We are still open through the COVID-19 crisis, providing a safe space for those who need to travel to Boston.
Our services are a bit more limited and our cancellation policy is completely flexible, but we're as welcoming and happy to have you as ever. More details can be found here.
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Our Promise

We are passionate about your experience on our website and the content we provide here. Selecting a hotel can be daunting, and we strive to make that process a little easier by painting a true picture of what we are about. From the pictures of our staff to the blog posts written by them, what you see here is genuinely who we are.

If you are shopping around and see a different offer for The Lenox on another site, let us know and we will make it right. We would be honored to be your home in Boston!

[email protected] | 800.225.7676

Rooftop Garden
Season Two

Rooftop Garden
Season Two

We got a late start on the rooftop garden this year. April showers turned into May showers (lots of May showers), graduation season sneaked up on us and business just got in the way of planting I guess. But this gave me a little more time to think about what we did right and wrong last year and how to change our approach. The basic realization was that we should keep things simple. Plant a lot of what we use the most and keep it growing as far into the season as we can. These things happen to be basil, mint, and tomatoes. We also threw in some bee friendly flowers to keep our resident bee population happy.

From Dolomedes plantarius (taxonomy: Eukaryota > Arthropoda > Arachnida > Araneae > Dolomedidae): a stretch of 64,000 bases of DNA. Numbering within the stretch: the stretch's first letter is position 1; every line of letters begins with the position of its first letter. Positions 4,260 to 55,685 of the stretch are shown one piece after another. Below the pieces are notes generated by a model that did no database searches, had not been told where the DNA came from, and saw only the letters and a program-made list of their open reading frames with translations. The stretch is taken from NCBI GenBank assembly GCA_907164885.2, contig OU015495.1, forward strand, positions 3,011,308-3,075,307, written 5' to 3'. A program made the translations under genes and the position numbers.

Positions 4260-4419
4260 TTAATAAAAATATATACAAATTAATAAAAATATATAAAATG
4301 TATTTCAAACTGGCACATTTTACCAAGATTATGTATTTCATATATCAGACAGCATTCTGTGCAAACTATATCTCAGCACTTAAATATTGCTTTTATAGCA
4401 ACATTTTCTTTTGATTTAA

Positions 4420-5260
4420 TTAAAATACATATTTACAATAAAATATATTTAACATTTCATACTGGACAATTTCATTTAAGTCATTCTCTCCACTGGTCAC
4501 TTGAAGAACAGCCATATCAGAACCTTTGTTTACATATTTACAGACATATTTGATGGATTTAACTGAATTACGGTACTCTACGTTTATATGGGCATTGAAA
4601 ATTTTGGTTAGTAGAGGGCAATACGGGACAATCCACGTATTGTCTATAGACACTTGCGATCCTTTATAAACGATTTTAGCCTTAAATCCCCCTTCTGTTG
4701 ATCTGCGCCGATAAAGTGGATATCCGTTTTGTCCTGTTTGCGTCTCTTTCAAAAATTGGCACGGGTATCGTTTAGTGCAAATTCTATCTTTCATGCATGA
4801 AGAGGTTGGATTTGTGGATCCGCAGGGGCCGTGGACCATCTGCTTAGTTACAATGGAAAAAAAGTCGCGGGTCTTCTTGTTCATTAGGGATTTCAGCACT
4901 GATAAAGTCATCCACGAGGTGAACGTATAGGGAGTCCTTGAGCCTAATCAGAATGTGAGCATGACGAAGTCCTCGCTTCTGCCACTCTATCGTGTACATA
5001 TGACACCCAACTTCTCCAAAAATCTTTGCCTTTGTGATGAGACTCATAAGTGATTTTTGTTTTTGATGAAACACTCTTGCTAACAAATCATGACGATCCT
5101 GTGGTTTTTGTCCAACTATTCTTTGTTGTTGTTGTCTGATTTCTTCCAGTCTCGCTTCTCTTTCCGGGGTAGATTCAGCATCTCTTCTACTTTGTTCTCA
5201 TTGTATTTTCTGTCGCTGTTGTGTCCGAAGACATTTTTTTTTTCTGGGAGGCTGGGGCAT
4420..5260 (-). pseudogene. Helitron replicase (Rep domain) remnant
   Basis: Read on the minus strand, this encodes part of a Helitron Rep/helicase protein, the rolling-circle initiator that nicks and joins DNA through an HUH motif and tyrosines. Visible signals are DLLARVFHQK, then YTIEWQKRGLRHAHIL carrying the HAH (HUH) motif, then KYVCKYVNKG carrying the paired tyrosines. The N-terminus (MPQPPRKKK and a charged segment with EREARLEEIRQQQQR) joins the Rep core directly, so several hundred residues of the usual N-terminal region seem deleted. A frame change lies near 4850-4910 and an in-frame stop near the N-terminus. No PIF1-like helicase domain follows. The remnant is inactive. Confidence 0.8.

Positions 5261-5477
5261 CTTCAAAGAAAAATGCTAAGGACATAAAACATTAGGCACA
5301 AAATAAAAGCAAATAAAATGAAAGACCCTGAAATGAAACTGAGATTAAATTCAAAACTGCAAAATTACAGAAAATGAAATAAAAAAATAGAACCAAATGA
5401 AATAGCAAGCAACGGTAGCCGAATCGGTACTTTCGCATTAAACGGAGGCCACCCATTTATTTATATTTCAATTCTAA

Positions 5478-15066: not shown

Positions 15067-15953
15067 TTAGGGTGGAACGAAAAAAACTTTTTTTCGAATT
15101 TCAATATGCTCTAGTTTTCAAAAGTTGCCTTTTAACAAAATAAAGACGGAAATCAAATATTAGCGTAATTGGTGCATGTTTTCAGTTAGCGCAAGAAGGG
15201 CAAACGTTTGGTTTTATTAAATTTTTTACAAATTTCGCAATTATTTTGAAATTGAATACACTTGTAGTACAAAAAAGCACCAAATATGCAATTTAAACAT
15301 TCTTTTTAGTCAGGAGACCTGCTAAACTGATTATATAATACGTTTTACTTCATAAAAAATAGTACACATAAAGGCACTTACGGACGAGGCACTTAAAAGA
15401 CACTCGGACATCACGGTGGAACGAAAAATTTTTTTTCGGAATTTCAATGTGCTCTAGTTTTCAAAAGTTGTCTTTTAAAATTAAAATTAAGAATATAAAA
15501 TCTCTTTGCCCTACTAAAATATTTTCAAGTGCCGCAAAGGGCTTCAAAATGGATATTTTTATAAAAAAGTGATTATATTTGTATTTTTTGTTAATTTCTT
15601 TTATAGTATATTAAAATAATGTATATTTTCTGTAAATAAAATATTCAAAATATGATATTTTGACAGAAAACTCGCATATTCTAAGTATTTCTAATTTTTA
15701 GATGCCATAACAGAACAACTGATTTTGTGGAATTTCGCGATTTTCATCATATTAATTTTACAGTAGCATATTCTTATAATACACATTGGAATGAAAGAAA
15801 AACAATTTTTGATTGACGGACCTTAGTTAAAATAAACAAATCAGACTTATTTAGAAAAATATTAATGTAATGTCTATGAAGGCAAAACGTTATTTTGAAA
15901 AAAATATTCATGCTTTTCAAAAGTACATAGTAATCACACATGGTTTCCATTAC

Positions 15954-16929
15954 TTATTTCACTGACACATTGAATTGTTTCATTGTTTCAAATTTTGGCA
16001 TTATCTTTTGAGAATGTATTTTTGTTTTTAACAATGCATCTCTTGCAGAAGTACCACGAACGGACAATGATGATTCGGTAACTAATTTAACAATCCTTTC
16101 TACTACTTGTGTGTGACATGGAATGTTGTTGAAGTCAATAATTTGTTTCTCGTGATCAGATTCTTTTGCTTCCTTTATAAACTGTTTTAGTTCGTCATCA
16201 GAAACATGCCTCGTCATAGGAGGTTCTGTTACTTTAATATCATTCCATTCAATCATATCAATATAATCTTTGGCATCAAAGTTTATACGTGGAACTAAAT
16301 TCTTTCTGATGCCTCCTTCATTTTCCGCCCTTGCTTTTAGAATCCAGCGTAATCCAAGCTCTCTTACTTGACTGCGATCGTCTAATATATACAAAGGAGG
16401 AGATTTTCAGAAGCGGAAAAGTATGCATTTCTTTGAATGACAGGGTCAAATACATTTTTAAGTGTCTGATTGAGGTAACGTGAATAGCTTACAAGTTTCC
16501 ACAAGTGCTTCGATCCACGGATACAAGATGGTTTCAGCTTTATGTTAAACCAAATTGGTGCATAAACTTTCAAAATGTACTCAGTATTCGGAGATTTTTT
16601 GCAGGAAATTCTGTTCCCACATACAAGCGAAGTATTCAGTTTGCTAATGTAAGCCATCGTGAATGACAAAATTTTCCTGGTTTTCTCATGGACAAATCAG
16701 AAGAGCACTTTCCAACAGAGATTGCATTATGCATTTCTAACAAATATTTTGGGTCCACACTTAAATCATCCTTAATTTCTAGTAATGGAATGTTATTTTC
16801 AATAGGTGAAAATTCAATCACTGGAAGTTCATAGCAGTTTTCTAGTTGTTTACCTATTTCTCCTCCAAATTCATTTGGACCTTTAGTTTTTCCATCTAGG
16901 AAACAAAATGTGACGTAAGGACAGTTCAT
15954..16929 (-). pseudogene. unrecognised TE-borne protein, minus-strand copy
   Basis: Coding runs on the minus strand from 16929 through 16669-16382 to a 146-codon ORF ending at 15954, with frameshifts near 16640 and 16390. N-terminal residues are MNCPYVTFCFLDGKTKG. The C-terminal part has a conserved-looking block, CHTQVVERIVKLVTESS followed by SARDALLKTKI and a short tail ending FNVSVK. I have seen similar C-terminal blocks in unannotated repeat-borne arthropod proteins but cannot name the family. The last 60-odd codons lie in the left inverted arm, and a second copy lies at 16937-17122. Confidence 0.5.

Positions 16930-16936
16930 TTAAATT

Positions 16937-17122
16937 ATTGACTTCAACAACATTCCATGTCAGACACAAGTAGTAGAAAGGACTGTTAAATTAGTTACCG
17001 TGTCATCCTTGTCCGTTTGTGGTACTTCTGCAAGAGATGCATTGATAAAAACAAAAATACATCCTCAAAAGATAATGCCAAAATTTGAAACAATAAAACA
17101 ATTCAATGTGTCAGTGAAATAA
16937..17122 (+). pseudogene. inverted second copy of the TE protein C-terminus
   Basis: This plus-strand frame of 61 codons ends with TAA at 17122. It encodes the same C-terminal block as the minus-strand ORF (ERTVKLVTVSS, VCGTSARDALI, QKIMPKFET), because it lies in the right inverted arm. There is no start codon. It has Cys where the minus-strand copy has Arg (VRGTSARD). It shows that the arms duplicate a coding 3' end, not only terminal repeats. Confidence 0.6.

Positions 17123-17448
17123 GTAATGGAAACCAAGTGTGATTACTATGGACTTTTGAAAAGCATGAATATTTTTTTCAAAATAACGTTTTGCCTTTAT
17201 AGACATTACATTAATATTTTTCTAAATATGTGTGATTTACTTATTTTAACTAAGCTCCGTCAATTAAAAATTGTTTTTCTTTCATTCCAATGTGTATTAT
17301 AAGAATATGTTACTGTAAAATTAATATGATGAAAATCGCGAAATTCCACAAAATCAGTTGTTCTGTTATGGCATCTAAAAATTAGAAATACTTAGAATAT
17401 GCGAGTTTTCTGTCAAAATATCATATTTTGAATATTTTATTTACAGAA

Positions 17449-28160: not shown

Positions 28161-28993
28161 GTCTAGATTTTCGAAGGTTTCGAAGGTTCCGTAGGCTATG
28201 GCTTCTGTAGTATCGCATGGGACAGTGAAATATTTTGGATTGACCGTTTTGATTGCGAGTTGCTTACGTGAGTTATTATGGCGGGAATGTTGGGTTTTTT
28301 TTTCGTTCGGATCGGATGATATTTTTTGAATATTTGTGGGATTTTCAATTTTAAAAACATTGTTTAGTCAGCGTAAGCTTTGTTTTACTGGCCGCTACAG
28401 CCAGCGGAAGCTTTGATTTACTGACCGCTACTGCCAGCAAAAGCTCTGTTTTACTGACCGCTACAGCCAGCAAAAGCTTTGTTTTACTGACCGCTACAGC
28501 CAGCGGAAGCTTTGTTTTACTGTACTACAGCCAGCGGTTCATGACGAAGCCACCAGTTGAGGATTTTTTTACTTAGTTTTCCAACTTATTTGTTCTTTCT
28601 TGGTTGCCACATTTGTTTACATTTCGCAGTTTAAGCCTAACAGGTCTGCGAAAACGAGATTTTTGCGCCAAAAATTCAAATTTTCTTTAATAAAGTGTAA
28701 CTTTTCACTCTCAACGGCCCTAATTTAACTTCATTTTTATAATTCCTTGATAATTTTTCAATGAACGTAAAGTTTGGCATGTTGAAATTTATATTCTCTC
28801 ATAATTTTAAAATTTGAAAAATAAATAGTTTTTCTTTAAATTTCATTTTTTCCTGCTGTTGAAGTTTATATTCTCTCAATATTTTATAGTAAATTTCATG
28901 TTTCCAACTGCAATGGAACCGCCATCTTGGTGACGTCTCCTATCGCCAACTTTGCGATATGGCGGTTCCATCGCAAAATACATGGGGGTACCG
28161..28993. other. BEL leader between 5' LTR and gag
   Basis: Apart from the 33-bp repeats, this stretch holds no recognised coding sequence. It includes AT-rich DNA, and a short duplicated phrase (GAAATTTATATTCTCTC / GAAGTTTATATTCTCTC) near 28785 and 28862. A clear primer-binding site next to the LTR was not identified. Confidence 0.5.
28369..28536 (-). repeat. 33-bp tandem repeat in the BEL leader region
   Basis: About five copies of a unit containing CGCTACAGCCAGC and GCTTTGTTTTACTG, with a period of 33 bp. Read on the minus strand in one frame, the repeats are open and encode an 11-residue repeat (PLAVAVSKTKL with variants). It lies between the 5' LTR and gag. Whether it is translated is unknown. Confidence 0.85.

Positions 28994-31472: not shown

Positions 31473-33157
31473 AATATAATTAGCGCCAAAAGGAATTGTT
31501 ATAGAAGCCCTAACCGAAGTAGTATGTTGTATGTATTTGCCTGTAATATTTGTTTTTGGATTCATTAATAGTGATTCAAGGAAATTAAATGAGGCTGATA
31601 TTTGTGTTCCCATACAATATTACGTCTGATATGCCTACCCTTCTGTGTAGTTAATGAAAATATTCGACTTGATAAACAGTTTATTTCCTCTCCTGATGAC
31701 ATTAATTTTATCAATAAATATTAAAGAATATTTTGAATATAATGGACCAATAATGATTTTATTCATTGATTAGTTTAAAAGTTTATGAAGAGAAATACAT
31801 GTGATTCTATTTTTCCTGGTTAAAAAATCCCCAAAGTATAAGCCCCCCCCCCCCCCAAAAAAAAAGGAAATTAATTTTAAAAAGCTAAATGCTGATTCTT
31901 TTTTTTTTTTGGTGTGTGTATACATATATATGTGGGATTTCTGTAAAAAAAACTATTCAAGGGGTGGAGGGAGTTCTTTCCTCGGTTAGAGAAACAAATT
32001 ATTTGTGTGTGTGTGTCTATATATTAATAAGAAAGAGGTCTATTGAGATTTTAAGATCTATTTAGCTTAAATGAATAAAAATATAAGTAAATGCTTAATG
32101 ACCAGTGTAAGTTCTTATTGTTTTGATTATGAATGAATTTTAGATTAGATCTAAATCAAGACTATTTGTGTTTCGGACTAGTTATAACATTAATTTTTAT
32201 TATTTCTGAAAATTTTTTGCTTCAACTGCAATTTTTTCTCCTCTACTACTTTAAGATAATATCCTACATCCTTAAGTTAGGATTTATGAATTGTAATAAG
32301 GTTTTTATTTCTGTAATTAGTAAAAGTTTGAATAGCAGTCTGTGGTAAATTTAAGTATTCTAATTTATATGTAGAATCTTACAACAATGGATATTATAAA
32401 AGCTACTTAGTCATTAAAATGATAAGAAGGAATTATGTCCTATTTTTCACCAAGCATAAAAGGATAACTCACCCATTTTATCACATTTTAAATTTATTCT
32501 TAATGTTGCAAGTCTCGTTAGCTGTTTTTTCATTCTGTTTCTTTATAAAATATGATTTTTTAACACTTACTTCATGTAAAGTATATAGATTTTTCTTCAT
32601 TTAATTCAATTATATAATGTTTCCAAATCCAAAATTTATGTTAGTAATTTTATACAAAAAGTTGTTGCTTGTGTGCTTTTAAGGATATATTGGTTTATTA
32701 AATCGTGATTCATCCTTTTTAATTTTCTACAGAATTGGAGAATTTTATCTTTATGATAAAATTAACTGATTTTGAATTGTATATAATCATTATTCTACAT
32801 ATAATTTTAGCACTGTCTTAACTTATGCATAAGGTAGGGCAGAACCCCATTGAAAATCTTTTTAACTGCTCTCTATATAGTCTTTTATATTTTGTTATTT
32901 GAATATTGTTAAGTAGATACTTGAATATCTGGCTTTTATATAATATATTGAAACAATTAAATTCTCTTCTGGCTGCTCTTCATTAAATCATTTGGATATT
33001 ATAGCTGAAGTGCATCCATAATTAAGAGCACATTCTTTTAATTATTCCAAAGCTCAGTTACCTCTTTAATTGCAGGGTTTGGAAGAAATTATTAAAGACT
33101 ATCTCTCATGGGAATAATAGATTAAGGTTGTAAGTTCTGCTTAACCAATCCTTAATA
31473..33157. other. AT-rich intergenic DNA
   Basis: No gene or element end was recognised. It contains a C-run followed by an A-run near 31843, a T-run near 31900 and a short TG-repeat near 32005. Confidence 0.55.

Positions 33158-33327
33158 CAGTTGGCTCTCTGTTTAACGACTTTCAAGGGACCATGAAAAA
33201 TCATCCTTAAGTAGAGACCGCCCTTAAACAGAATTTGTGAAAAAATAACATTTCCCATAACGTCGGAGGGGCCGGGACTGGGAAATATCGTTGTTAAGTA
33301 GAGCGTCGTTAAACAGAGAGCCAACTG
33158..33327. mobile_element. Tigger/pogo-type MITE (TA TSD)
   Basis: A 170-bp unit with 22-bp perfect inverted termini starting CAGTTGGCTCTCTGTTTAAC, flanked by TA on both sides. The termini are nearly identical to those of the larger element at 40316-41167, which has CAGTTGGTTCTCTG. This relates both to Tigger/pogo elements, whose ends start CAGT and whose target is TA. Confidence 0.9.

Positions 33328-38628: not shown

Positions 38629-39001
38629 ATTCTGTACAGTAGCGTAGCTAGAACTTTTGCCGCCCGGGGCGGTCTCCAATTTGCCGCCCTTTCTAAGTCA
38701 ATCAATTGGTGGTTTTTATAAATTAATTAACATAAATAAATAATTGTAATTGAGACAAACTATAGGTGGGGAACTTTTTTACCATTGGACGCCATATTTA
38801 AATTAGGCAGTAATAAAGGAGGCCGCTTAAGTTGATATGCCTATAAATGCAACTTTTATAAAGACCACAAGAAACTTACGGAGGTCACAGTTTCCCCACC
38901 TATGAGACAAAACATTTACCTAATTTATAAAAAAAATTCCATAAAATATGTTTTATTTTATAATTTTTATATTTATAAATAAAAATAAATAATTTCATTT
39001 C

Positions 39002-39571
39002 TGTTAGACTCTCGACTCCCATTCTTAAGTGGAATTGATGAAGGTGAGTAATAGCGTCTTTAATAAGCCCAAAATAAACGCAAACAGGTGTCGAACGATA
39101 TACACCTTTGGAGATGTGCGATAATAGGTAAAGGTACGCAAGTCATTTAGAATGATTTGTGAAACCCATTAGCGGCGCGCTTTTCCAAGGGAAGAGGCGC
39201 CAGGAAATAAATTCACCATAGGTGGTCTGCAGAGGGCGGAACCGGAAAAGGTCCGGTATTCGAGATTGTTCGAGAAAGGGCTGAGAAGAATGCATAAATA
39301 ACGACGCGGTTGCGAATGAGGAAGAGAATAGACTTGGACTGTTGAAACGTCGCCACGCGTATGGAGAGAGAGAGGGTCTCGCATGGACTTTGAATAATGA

Our restaurants and bars at The Lenox go through anywhere from 1-3 pounds of mint and 2-4 pounds of basil per week depending on business levels. Each of our containers on the roof should produce anywhere from 2-5 pounds of fresh herbs during the season, not enough to stop us from purchasing from outside vendors completely, but enough to supplement for the summer months. Last year’s tomato harvest produced about 4 quarts of exceptional cherry style tomatoes. This year we went with 2 varieties of large heirlooms, Mr. Stripy and Black Prince. Both mature in about 80 days, with any luck they’ll be hitting plates by the end of August.

I was on the roof the other day with the intention of watering the flowers we planted, a spectacular perennial called Dianthus Kate and the striking Salvia Nemerosa, and as I approached the containers I realized the spires of the salvia seemed to be alive. Our bees were busy at work, I sat on the roof for a minute before I remembered all the work I had to do. The watering would have to wait.

chef-sean-watering

For a taste of our summer bounty, come in and check out our seasonal menu at City Table!